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You Say That Like It’s a Good Thing



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As you can imagine, I don’t ordinarily read The Nation, but a friend sent along this revealing excerpt from the current issue:

As CCC’s Bhargava argued, widespread legalization could mark “a structural change in the politics of the country that will make the country more generous to immigrants in the future. So, if you want better immigration policy ten years from now, you’d better support and do what’s necessary to get the current undocumented population legal.”

“Structural change in the politics of the country” means “more Democratic voters.” There’s nothing new here: As I point out in my Encounter Broadside, Barney Frank and the SEIU’s Eliseo Medina have publicly said the same thing. Ruy Teixeira wrote earlier this year in a piece for the Center for American Progress:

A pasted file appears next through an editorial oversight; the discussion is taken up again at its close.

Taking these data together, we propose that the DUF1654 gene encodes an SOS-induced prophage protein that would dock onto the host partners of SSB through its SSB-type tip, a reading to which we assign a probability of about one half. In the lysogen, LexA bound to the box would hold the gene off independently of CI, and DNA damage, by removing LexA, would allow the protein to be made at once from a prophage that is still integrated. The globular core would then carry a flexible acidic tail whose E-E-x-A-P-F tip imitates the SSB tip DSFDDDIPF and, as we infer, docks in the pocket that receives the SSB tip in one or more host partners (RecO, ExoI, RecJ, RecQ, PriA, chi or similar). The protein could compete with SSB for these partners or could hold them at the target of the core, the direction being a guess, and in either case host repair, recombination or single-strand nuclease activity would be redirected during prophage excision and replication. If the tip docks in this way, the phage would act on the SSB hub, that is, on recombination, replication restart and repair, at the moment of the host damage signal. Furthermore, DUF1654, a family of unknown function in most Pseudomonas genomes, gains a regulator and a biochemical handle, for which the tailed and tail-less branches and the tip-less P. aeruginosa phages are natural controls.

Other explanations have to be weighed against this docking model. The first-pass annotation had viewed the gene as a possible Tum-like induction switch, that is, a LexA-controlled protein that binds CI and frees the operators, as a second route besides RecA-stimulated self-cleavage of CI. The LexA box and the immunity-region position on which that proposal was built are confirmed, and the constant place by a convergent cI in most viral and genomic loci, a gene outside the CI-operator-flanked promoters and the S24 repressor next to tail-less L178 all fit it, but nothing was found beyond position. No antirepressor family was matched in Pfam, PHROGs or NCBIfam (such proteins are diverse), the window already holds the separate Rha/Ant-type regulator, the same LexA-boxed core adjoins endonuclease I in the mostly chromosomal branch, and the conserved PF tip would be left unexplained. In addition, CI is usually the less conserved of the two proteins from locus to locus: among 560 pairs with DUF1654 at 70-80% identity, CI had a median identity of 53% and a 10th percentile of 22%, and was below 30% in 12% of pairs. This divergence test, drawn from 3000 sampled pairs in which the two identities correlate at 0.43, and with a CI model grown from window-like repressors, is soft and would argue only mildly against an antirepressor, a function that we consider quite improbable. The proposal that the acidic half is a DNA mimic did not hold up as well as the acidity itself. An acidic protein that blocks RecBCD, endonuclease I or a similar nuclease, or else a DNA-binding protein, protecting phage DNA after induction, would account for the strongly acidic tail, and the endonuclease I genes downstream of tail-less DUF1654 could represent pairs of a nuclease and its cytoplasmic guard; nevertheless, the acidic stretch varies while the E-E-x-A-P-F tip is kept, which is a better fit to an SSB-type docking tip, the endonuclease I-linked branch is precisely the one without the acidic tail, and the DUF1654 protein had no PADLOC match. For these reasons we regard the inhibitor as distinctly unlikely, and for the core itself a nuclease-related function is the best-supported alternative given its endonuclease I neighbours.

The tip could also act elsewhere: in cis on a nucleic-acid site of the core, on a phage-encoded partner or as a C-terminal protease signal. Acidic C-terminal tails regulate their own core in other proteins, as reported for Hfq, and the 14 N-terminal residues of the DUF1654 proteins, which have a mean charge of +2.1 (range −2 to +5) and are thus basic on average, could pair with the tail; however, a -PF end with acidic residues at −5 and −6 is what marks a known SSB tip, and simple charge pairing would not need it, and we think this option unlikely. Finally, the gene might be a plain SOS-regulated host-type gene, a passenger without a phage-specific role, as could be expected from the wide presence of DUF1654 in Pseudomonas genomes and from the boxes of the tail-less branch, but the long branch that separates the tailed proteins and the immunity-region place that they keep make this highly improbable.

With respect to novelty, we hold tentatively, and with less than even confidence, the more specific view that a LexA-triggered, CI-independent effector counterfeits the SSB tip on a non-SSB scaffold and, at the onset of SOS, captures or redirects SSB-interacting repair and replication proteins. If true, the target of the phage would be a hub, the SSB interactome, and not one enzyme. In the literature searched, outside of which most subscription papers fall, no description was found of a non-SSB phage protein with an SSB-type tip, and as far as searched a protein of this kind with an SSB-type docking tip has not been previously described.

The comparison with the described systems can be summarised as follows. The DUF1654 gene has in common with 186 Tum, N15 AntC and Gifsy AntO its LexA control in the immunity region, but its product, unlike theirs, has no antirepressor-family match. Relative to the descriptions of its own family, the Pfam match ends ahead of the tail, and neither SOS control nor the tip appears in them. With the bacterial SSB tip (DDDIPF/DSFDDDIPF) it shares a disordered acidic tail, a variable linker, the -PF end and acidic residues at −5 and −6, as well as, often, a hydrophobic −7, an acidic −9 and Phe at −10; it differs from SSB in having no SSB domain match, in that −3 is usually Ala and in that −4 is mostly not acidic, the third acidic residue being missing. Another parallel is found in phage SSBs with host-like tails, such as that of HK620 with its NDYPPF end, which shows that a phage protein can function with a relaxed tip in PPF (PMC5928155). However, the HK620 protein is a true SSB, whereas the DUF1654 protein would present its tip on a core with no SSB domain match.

These data suggest that there is really only one way for the GOP to effectively compete for minority voters, and it’s a way that Republicans have rejected so far. The party must, quite simply, become less conservative. They will have to jettison their bitter hostility to active government, spending on social services, and immigration reform and develop their own approach in these areas that minorities might find appealing. [emphasis added]

Likewise, University of Maryland political scientist James Gimpel has found that:

A comparison of voting patterns in presidential elections across counties over the last three decades shows that large-scale immigration has caused a steady drop in presidential Republican vote shares throughout the country. Once politically marginal counties are now safely Democratic due to the propensity of immigrants, especially Latinos, to identify and vote Democratic. The partisan impact of immigration is relatively uniform throughout the country, even though local Republican parties have taken different positions on illegal immigration. . . . Future levels of immigration are likely to be a key determinant of Republicans’ political prospects moving forward. [emphasis added]

In fact, everyone seems to understand that continued mass immigration means the end of the GOP as a conservative party — except the people actually in charge of the GOP.



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